Restorative Justice Steps
Restorative Justice matters follow the steps below:
- Suitability Assessment
Offences can be referred to restorative justice at any stage of the criminal justice system.
The following agencies, known as referring entities, can refer at the following stages:
1. After caution or apprehension but before a prosecution referral is made:
2. After a prosecution referral is made, prior to entering a plea, but before a second mention hearing:
3. Unless or until the offender pleads guilty after a second mention hearing but before the end of a case management hearing or case status inquiry:
4. If the offender pleads guilty or is found guilty but before the end of the proceeding:
- Office of Children and Young People
- Restorative Justice Unit
ACT Policing, Director of Public Prosecutions and the Courts may continue to prosecute an offence as well as refer the offence to restorative justice.
After an offence is referred, the Restorative Justice Unit is responsible for assessing whether the referral is 'Suitable' for restorative justice.
At each step the entity that referred the offences to RJU is advised of the outcomes.
Once the Restorative Justice Unit (RJU) receives an eligible referral from a referring entity for an offence, the referral is allocated to a convenor.
The convenor is responsible for assessing and preparing the victims, offenders and supporters. This often takes more than one meeting. The assessment process seeks to:
- explain restorative justice and inform the participant of any implications that their participation may have on the management of criminal proceedings
- discuss the participant’s perception of the offence, the impact it has had on them and others and explore what they think needs to happen to make things better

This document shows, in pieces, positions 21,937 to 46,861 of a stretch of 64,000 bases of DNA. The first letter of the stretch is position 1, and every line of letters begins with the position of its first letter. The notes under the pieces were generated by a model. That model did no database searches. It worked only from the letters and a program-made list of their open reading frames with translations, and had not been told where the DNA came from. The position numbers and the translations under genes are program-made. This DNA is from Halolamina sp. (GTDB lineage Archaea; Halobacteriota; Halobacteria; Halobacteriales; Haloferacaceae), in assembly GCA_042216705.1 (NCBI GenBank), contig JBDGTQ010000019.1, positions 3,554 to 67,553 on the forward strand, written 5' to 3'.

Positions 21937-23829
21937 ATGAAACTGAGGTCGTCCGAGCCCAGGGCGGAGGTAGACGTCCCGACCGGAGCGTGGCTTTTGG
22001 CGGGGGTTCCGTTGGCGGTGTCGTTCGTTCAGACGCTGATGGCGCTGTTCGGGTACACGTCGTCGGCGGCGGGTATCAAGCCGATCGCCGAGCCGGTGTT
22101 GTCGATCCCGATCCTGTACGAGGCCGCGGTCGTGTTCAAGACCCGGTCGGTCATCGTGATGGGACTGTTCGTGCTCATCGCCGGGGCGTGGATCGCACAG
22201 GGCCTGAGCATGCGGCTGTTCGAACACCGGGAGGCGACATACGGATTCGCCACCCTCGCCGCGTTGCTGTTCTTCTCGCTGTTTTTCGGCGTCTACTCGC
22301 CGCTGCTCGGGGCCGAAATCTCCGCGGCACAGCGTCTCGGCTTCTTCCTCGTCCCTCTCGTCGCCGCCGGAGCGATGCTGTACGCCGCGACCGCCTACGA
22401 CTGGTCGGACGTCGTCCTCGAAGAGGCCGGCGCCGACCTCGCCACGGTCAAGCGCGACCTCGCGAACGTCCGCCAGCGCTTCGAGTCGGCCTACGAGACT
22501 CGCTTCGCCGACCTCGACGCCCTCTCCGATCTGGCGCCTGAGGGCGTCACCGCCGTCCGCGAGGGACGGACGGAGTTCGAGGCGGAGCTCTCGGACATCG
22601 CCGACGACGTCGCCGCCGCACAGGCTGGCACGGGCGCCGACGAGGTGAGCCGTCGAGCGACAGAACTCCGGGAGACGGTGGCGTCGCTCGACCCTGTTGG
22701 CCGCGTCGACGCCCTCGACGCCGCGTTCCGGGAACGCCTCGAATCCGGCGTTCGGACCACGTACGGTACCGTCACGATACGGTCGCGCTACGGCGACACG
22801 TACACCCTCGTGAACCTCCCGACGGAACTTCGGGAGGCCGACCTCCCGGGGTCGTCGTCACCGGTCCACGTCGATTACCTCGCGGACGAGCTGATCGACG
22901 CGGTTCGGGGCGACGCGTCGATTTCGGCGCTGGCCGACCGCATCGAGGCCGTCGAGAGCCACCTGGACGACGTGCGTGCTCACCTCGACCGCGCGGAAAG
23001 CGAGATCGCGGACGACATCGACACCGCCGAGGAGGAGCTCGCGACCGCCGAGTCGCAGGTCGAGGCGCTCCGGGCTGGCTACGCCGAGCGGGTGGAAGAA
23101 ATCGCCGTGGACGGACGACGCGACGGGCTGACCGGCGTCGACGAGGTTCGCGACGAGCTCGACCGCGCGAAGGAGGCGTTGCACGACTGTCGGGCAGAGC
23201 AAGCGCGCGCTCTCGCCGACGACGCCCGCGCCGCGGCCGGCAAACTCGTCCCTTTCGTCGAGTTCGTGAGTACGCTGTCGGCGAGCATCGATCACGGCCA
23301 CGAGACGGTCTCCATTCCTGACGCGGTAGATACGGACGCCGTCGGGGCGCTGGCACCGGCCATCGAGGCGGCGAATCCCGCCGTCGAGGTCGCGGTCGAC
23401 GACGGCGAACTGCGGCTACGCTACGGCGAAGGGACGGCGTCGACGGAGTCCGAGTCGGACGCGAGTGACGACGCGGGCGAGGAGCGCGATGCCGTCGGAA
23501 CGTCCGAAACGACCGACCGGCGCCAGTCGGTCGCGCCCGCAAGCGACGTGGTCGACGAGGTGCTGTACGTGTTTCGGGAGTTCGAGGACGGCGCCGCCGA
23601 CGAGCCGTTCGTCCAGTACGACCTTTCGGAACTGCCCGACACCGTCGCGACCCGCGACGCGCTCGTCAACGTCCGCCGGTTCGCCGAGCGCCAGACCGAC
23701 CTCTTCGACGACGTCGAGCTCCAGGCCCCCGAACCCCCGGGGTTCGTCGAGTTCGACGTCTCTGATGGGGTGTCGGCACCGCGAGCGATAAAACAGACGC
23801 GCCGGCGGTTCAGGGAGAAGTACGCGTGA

- determine their suitability to participate in a conference, and
- obtain informed consent from each suitable person to participate in a conference.
When considering the suitability of a referral, the convenor takes into account a number of general and personal factors surrounding the offence. These include:
- each participant’s personal characteristics
- each participant’s motivation for taking part
- the impact of the offence as perceived by each participant
- the nature of the offence, including the level of harm caused and any violence involved
- the appropriateness of restorative justice at the current stage of the criminal justice process
- any potential power imbalances between the people who are to take part in restorative justice, and
- the physical and psychological safety of anyone who is to take part in restorative justice.
If a matter is found suitable, a conference will be organised. If a matter is found not suitable the referring entity, the victim and offender is notified. The referring entity will then make a decision on what to do next.
When a referral has been assessed as suitable for restorative justice and all the participants have been prepared by the convenor, they then begin to exchange information with the convenor’s help. This exchange of information is called a conference. Conferences can happen either face-to-face or indirectly (such as third party mediation, taped recordings or letter exchanges).
The conference process brings into contact those people who have been affected by an offence. This includes the victim, their family and friends and the offender and their family and friends. Other people, including police informants, witnesses, community representatives and case workers, may also be invited by the convenor to participate in a conference.